Why captchas are getting harder?

Why captchas are getting harder? I am not a robot. And yet, my computer accuses me of being one, constantly. Sign up for a fitness app profile...

Friday, May 14, 2021

/ by Avishek Bera


The News Cover: I am not a robot. And yet, my computer accuses me of being one, constantly. Sign up for a fitness app profile captcha. Getting a vaccine appointment captcha. Buying dumbbells captcha. Ordering cookies online because I have no self control captcha. And the most annoying part?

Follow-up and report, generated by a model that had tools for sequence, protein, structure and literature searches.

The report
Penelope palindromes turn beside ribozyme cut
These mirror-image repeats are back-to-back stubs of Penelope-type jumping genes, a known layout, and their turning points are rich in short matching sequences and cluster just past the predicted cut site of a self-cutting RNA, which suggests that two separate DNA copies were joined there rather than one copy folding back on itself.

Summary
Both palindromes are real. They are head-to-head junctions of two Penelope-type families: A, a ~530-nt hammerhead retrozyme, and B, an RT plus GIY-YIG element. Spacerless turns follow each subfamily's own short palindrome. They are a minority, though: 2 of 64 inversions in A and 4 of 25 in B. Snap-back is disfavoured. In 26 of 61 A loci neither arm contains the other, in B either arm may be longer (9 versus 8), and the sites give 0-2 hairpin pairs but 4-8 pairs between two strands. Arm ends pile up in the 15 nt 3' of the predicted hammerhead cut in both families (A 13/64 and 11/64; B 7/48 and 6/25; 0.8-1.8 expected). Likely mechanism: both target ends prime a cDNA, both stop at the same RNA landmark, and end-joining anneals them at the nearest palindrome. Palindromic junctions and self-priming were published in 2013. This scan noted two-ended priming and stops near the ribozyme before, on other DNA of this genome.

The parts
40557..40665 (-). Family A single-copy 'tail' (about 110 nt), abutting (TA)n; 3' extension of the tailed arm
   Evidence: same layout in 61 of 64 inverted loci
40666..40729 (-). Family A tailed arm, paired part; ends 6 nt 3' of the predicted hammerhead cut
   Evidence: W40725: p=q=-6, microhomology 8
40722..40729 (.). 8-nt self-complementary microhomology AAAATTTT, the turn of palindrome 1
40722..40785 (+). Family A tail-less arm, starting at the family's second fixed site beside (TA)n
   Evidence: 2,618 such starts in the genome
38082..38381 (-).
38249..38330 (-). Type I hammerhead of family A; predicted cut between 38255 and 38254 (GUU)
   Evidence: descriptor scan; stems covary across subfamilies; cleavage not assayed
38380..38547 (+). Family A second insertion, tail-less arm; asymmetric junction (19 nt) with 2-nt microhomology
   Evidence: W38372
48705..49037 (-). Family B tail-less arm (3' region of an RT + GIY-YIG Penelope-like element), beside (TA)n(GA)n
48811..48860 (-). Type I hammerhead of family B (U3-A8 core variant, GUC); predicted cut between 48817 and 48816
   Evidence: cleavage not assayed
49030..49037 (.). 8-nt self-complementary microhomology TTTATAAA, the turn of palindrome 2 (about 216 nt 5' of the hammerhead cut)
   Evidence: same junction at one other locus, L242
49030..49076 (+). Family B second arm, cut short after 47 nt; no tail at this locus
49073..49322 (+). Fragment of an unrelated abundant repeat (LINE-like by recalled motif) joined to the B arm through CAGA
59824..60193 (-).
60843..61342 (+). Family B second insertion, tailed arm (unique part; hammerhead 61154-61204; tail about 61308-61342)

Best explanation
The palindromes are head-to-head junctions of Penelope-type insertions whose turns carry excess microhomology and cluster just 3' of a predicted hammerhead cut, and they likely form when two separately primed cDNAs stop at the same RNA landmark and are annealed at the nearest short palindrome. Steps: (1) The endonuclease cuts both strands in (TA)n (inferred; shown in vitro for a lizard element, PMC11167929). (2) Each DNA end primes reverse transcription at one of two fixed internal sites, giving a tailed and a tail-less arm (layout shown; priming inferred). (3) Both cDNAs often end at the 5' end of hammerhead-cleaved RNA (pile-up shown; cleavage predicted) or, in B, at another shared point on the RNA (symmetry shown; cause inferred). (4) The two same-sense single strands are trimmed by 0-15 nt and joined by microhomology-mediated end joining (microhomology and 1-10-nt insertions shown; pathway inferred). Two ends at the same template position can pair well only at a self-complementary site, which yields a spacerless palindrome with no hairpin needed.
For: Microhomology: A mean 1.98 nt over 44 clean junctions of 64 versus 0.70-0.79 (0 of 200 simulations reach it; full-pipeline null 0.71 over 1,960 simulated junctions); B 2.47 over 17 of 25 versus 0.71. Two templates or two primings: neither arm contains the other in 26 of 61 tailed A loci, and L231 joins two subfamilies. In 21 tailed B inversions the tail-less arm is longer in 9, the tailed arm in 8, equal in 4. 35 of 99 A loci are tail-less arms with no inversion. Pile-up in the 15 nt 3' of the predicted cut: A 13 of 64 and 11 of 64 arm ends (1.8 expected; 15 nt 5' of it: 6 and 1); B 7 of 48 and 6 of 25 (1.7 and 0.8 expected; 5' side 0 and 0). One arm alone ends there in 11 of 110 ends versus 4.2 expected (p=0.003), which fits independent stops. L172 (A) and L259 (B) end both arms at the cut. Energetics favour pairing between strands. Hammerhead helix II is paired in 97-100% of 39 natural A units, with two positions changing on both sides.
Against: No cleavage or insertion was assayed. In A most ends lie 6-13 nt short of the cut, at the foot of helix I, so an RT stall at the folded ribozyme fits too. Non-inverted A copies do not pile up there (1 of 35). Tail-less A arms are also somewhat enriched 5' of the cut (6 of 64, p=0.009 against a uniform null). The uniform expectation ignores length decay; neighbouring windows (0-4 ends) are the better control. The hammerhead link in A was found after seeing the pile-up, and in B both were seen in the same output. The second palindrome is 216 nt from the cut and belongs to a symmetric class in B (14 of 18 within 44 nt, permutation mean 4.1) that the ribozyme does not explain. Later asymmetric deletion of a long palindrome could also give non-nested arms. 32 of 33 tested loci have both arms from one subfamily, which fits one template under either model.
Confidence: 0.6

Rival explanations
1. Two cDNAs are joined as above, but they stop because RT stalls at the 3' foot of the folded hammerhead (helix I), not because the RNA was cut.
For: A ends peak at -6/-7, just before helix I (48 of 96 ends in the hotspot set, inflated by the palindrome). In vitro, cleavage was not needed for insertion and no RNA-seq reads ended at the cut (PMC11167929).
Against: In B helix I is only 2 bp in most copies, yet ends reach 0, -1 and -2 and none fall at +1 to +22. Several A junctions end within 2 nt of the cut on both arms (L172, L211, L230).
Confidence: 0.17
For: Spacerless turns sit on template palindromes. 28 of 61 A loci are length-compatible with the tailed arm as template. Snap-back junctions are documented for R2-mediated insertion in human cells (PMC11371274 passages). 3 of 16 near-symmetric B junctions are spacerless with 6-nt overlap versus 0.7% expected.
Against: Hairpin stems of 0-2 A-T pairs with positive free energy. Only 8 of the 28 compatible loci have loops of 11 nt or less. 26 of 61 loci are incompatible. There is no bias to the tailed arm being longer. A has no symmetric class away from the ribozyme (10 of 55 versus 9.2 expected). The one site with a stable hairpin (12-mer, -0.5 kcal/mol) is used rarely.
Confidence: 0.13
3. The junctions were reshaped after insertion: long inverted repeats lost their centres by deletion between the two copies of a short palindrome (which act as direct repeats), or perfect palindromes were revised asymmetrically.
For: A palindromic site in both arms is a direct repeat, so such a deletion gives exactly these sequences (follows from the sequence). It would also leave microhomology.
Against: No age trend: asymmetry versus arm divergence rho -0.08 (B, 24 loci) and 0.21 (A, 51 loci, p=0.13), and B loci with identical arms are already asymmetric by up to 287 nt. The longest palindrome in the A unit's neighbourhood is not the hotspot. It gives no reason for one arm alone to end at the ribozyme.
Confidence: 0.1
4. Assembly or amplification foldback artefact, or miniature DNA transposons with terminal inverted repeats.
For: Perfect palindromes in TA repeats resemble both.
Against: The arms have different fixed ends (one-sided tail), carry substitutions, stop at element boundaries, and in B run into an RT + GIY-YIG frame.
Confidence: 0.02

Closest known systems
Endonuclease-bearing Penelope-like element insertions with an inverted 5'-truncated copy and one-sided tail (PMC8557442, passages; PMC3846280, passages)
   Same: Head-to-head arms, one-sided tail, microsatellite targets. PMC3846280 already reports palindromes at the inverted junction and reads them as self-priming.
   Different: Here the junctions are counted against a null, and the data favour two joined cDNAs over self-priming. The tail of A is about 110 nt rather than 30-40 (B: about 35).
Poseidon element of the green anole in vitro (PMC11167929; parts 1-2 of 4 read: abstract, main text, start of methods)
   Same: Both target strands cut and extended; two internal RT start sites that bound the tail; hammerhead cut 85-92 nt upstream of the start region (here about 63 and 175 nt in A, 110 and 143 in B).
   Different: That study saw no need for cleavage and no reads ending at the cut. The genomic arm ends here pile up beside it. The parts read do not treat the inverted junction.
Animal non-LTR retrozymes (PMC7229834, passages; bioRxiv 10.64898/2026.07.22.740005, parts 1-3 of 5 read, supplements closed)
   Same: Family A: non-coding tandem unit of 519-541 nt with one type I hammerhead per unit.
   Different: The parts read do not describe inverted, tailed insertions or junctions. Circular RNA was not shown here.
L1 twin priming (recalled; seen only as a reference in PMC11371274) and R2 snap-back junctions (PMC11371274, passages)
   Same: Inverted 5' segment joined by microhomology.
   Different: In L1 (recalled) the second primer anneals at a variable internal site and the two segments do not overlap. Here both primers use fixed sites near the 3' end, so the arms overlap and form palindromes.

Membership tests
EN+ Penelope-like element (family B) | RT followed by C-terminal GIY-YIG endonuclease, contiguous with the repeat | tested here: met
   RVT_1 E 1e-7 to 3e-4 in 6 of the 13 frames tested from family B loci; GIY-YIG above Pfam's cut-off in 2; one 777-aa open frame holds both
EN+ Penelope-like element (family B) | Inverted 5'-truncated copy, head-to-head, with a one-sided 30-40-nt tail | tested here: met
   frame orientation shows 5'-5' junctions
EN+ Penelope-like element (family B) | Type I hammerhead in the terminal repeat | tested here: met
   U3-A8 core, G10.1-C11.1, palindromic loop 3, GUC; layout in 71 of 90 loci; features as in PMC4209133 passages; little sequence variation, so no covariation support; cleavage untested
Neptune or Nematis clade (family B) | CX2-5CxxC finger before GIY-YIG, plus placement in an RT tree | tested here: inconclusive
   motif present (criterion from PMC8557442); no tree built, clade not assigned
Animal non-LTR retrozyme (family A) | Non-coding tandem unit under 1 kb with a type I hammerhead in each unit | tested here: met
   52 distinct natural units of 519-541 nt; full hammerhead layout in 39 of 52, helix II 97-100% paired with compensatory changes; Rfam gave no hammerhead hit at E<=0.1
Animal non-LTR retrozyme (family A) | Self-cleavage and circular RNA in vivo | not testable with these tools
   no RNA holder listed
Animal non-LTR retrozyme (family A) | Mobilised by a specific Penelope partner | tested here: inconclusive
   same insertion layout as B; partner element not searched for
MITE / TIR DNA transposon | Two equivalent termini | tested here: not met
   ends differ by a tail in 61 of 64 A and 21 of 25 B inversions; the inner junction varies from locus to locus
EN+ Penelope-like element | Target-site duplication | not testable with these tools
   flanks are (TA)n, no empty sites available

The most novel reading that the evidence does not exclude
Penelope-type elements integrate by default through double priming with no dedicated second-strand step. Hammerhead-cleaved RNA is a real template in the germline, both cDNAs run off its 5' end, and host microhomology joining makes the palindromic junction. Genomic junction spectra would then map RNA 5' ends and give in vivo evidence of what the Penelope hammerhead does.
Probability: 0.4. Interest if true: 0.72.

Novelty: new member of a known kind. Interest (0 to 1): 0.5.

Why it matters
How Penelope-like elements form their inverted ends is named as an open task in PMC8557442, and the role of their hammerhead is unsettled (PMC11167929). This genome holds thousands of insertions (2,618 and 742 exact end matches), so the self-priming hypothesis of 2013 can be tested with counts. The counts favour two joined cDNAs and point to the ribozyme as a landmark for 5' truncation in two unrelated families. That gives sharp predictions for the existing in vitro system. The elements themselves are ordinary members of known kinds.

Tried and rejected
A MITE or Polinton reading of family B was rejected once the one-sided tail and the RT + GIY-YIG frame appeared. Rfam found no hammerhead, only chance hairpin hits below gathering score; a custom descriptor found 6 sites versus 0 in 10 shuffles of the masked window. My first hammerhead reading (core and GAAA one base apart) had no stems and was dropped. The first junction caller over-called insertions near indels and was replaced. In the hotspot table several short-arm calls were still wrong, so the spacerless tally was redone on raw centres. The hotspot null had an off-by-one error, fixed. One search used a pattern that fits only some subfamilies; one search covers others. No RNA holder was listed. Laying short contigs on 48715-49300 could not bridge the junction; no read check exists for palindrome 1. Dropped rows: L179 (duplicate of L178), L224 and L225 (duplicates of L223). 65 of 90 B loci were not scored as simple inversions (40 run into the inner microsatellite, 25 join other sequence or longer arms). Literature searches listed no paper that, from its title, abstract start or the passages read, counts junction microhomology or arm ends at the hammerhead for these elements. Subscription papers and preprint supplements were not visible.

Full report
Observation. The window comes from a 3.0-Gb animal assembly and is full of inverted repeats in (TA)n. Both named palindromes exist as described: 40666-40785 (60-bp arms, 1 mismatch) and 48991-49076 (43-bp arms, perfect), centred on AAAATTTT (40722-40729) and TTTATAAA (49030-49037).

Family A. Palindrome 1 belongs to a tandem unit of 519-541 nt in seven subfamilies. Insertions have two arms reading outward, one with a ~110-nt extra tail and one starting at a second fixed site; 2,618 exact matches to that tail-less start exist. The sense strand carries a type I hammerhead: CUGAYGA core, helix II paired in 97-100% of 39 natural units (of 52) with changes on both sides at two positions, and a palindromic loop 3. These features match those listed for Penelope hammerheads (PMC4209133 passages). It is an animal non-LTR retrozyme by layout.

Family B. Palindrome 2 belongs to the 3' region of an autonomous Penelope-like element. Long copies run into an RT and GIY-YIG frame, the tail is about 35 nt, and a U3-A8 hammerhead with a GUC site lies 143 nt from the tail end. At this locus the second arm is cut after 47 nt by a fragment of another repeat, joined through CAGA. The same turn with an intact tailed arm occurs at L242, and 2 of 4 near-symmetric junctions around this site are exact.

I don’t always pass these captcha tests on the first try. It feels like captchas are getting harder and they are. But it turns out there’s a lot more going on behind the scenes than just proving you’re a human. The word captcha is an acronym. it stands for Completely Automated Public Turing Test to tell Computers and Humans Apart. 

So there's a little bit of cheating because of the T. there’s like a lot of T's in there. “Turing test to tell.” Luis Von Ahn invented captchas. In the year 2000, he was a first year PHD student at Carnegie Mellon University, attending a talk by the chief scientist at Yahoo! In the year 2000, Yahoo! Was like the biggest tech company out there The talk was about 10 problems they didn’t know how to solve, and one in particular stood out They had this problem that people would write programs to obtain millions of email accounts from Yahoo!